Recognizing Plant Direct authors: S M Abdul-Awal

S M Abdul-Awal, first author of A sorghum gigantea mutant attenuates florigen gene expression and delays flowering time

Current Position: Professor, Biotechnology & Genetic Engineering Discipline, Khulna University, Bangladesh

Education: Ph.D. in Plant Sciences, University of Cambridge, UK

Non-scientific Interests: travelling, nature, and photography

Brief bio: After completing my undergraduate studies from Biotechnology & Genetic Engineering Discipline, Khulna University, Bangladesh I was offered a teaching-based lecturing position due to achieving a top merit position in the department. I studied for a Master of Molecular Biology at the Katholieke Universiteit, Leuven, Belgium under VLIR scholarship and performed my masters dissertation entitled ‘Mechanism and modes of application of systemic RNAi in Insects’ at Professor Jozef Vanden Broeck’s Molecular Developmental Physiology and Signal Transduction Laboratory. I moved to Cambridge and joined Professor Alex Webb’s Circadian Signal Transduction Laboratory as a Ph.D. student under IDB-Cambridge International Scholarship. During my Ph.D. studies, I investigated the role of cADPR- and Ca2+-based signalling pathway that regulates the period of the circadian oscillator in Arabidopsis. In addition, a significant part of my Ph.D. studies was focused on the identification and characterisation of ADP-ribosyl cyclase in Arabidopsis (Abdul-Awal et al., 2016; Plant Physiology). Afterwards, I joined Harmon Lab at UC Berkeley, USA as a postdoctoral researcher under Fulbright Fellowship where I investigated the role of Gigantea (GI; clock protein) in blue light regulation of flowering and hormone metabolism genes in Sorghum bicolor. I identified protein partners of GI protein that contribute to growth, development and flowering time in Sorghum.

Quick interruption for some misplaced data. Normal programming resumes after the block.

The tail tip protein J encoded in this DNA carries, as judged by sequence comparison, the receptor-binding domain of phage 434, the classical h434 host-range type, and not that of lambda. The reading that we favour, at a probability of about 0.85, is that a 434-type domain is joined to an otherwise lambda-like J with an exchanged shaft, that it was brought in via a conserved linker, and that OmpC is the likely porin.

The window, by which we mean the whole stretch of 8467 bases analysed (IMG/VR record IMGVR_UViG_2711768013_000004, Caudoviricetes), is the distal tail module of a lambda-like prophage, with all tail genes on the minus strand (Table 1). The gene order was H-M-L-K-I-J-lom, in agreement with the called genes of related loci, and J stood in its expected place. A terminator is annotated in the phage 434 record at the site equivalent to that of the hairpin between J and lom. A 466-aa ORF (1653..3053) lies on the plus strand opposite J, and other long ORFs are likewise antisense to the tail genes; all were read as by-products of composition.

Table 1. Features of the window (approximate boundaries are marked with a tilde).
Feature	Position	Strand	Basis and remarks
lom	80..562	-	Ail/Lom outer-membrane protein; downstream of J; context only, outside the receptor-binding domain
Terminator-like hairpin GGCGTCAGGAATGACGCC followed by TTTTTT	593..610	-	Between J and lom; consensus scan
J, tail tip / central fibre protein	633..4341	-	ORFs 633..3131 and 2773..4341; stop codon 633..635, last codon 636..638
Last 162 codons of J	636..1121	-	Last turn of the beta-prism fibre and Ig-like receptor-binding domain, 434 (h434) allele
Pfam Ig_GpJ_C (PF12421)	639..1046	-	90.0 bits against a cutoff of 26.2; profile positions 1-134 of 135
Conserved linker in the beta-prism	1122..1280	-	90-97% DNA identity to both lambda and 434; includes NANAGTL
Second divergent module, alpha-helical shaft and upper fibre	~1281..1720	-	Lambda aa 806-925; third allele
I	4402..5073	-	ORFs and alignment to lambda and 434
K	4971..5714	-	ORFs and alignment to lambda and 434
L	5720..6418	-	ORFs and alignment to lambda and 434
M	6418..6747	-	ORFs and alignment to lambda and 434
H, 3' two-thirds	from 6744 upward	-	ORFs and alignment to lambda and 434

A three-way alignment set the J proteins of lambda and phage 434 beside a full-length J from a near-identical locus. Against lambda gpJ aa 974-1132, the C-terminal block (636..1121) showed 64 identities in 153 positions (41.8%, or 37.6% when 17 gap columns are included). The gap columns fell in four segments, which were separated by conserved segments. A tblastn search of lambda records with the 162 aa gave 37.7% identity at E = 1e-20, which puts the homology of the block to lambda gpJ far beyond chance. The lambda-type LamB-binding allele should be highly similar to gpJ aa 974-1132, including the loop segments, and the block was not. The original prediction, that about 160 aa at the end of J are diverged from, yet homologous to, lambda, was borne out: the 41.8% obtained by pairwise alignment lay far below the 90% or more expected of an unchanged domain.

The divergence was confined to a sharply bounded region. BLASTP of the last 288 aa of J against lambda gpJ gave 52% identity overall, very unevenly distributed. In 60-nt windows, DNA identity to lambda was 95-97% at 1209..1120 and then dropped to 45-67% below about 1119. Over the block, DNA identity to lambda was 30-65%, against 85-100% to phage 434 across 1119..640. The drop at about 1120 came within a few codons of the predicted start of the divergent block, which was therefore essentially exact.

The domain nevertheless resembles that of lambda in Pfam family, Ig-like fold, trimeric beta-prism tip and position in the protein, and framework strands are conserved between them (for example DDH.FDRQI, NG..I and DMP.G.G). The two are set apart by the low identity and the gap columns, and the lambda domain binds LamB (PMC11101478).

Recently, I returned to Bangladesh and joined the Biotechnology & Genetic Engineering Discipline, Khulna University as a junior professor. I’m trying to establish my own research group at the university and keen to establish collaboration with the scientific community around the globe.